In keeping with my current routine, no Pike fishing until Monday, thus avoiding the weekend circus which convenes at various access points along the banks of the RMC. No doubt I'll be tidying up odd, discarded, drinks containers and dead bait wrappers in the aftermath, but a price worth paying to have the place to myself for the weekday sessions I so enjoy. With my year listing a very poor relation to the Pike campaign, I decided to take a wander around Pegwell Bay & Stonelees NNR in the hope of adding a few more species to that particular tally. I have to admit to a very serious, school-boy, error! I didn't bother taking the scope - what an idiot? Binoculars and the long lens camera set-up were my companions for the sojourn and proved to be woefully inadequate under the conditions. If it were important, as it has been in my past, I would have thrown the dummy out of the pram. Today it was more of a wry smile, knowing that I'd screwed up and no-one else was to blame.
Certainly not all doom and gloom, I had a very pleasant walk around the site adding another five species to the list which has now reached 89. However, it wasn't about the birds I added but, instead, those I could clearly make out through my binoculars yet were unable to be clinched due to distance and light levels being a limiting factor. Hey-ho! There's always another day? Three species which would have surely been added are Sanderling, Grey & Ringed Plover, plus there is always the possibility of Caspian and Yellow-legged Gull and any amount of seabirds moving, offshore, along the coastline.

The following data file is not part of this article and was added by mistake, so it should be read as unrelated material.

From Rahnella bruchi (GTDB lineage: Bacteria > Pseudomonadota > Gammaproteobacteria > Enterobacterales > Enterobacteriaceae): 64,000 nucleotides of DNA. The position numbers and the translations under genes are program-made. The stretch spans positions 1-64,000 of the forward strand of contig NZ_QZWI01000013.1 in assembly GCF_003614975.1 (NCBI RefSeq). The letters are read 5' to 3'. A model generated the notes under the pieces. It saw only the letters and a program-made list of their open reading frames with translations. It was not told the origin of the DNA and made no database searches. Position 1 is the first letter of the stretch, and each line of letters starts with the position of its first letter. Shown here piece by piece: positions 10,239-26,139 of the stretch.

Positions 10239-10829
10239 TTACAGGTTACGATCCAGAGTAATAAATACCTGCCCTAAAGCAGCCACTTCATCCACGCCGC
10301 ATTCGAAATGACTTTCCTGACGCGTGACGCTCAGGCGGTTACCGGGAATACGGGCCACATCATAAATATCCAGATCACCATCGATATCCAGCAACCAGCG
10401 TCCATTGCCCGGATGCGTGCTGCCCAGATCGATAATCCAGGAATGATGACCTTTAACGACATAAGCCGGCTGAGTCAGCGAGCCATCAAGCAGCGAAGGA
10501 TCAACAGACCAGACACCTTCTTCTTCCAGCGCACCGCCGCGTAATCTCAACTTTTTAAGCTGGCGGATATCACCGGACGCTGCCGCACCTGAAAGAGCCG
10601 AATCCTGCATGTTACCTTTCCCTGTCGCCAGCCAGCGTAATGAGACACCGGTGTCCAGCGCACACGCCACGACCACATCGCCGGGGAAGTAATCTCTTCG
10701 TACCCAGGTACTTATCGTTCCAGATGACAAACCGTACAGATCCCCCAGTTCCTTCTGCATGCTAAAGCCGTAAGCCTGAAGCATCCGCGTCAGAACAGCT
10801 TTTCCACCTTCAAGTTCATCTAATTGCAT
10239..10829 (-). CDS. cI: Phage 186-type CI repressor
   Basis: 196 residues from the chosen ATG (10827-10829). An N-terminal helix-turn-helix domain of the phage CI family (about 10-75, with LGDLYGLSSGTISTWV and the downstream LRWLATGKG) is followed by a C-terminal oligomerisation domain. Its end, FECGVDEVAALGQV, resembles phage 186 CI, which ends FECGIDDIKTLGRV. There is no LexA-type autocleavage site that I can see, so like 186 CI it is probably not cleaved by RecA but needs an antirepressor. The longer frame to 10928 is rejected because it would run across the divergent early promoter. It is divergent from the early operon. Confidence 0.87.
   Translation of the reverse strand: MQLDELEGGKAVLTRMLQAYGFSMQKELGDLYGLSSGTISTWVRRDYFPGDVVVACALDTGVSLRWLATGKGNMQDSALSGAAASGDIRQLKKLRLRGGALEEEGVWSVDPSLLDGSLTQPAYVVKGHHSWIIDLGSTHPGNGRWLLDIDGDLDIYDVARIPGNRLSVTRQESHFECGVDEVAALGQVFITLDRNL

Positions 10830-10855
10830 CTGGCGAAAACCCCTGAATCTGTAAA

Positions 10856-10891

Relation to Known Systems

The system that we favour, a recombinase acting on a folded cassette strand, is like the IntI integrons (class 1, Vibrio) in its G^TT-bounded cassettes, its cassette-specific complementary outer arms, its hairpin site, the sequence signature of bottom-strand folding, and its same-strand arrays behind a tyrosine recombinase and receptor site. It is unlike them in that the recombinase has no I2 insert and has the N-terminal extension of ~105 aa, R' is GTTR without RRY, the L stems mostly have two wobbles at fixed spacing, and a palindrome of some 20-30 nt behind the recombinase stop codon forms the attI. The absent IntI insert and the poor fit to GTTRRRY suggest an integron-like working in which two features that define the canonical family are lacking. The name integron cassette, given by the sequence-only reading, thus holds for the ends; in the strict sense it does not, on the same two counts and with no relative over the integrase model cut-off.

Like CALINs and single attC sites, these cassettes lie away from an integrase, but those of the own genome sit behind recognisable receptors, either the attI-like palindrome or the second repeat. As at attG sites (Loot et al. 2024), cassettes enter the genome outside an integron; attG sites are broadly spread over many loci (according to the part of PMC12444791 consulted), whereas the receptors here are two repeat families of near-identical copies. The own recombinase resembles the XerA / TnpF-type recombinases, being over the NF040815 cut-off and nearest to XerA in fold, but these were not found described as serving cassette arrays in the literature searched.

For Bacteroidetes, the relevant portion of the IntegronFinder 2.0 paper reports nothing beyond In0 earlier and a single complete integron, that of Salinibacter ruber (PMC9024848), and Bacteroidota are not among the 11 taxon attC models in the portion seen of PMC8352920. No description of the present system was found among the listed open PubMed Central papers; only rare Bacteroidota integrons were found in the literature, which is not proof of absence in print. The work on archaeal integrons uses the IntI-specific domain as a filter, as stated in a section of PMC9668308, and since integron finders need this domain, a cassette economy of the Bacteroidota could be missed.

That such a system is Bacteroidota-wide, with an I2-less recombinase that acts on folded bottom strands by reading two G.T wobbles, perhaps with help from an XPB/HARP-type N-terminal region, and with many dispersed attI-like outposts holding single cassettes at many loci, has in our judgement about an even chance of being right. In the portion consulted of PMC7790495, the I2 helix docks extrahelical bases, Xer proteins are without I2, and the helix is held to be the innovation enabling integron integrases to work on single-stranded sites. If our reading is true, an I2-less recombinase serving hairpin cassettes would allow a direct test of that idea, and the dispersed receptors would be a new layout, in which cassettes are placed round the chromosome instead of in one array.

It was whilst watching the Common Seals, hauled out along the banks of the tidal Stour, that the day's highlight occurred. A lady borrowed my binoculars, thus allowing her to look at these animals for the first time. An absolute privilege to be able to share in such a moment - I don't know who was most excited?
It's obvious that I saw nothing exceptional and, what I did see, won't be passed on to some third party in order for it to be "authenticated" or "recorded". Was it, therefore, a trip without purpose? (As has been questioned by a fellow blogger) Having no need to justify my involvement with our natural world to anyone else but myself, I will sleep well in the knowledge that by sharing time, and equipment, with another person, I might have inspired them to continue looking? That'll do it for me.